A Two-Component Ethics Approach for Triage to Epilepsy Monitoring Units

Jason Randhawa, MD
Neuroethics Canada Blog


Electroencephalographic (EEG) monitoring provides critical diagnostic and management information about patients with epilepsy and seizure mimics. Admission to an epilepsy monitoring unit (EMU) is the gold standard for such monitoring in major medical facilities worldwide. In many countries, however, access is challenged by limited resources compared to need. Triaging EMU admission in these circumstances is generally approached by unwritten protocols that vary by institution. In the absence of explicit guidance, decisions can be ethically taxing and are easy to dispute.

Drawing upon the limited triage literature from neurology and then moreso from various areas of medicine more broadly, my mentors and I developed an ethically-grounded two-component approach to EMU triage (Randhawa et al., under revision, 2021). The strategic component identifies three targets to guide improvements in EMU wait list infrastructure at the institutional level: (1) accountability to patients and public to foster transparency, (2) engagement of clinicians and administrators to achieve process improvements, and (3) empowerment of waitlist managers to promote active waitlist management strategies (see Figure).

The principled component applies an essential balance of three key moral philosophies to triage at the patient level. First, prioritarianism promotes the needs of the most ill, defined by seizure frequency and severity; however, it may also include subjective measures such as suffering. Second, utilitarianism maximizes the overall utility of resources, promoting the greatest benefits for the most people. If patients are having frequent seizures, they are more likely to benefit from EMU evaluation (utility) and are considered sicker (priority); therefore, these first two ethics principles work together. The principle of justice promotes equality by considering other relevant contextual factors such as patient’s ability to self-advocate and length of wait. This principle provides further refinement to the triage process. For example, patients who are disabled by frequent seizures may be unable to advocate for themselves to obtain a sooner admission despite the high utility and priority. As such, justice provides further impetus for accelerated admission.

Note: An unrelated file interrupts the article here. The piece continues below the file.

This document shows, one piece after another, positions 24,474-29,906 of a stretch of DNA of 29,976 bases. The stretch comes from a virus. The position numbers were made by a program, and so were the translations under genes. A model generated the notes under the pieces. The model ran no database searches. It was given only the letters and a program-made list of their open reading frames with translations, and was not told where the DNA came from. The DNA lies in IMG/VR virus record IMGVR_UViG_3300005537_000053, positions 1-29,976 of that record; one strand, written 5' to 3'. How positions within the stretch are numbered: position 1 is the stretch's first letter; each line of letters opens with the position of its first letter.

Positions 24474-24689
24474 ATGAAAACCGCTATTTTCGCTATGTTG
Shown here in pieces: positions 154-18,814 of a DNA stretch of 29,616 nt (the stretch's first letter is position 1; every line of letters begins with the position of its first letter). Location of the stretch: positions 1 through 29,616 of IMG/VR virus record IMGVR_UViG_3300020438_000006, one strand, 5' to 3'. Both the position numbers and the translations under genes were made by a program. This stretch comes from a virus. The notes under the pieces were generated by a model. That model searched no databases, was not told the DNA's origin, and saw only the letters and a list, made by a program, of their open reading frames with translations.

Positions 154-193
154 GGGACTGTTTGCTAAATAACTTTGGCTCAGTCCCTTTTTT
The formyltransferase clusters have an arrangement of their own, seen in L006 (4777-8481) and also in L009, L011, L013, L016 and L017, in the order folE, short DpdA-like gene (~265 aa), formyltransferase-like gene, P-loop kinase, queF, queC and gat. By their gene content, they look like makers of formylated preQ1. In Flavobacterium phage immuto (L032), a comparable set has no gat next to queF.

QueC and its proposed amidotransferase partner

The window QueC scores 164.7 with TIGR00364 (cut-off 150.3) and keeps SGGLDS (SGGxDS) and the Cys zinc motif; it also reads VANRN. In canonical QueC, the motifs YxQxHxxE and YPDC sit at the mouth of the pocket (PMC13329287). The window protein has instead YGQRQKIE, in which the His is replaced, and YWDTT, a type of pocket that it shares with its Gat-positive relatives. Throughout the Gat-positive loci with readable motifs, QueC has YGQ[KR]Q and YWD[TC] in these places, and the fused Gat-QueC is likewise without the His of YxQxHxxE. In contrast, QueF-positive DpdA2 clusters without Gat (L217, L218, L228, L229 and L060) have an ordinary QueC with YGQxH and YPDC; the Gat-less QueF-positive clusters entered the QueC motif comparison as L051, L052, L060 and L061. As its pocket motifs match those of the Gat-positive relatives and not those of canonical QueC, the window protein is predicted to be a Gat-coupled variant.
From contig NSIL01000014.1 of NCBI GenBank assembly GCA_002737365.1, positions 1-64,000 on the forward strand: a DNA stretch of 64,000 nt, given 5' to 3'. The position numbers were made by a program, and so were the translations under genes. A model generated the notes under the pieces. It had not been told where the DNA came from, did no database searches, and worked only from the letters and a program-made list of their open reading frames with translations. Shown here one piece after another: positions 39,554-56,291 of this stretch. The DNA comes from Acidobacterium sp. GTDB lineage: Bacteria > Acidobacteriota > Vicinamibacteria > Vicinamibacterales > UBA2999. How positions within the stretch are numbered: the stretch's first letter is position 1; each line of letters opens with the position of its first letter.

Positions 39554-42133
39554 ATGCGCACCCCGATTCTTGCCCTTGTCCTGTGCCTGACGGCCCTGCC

These principles will be weighted differently depending on several contextual factors, such as the availability of adequate resources: high-resource settings favor prioritarianism; low-resource settings favor utilitarianism. Other factors affecting the use of these principles include patient and public values, clinician preferences, and objective metrics available to guide these decisions.

The approach we propose can inform site-specific process improvements and further revisions based on data generated at individual institutions. While much work remains to be done to explore and test implementation of the model, it provides a starting point in transforming implicit thinking about ethically-fraught circumstances related to EMUs into explicitly principled ones.

Acknowledgements to my research mentors Drs. Chantelle Hrazdil, Patrick McDonald, and Judy Illes for their substantial contributions. This work was supported in part by the UBC Faculty of Medicine, Vancouver Coastal Health Research Institute, and NIH/NIMH #RF1#MH117805 01.


Jason Randhawa, MD, is a Neurology Resident Research Assistant at Neuroethics Canada. He is a senior neurology resident based out of Vancouver General Hospital and St. Paul’s Hospital at the University of British Columbia.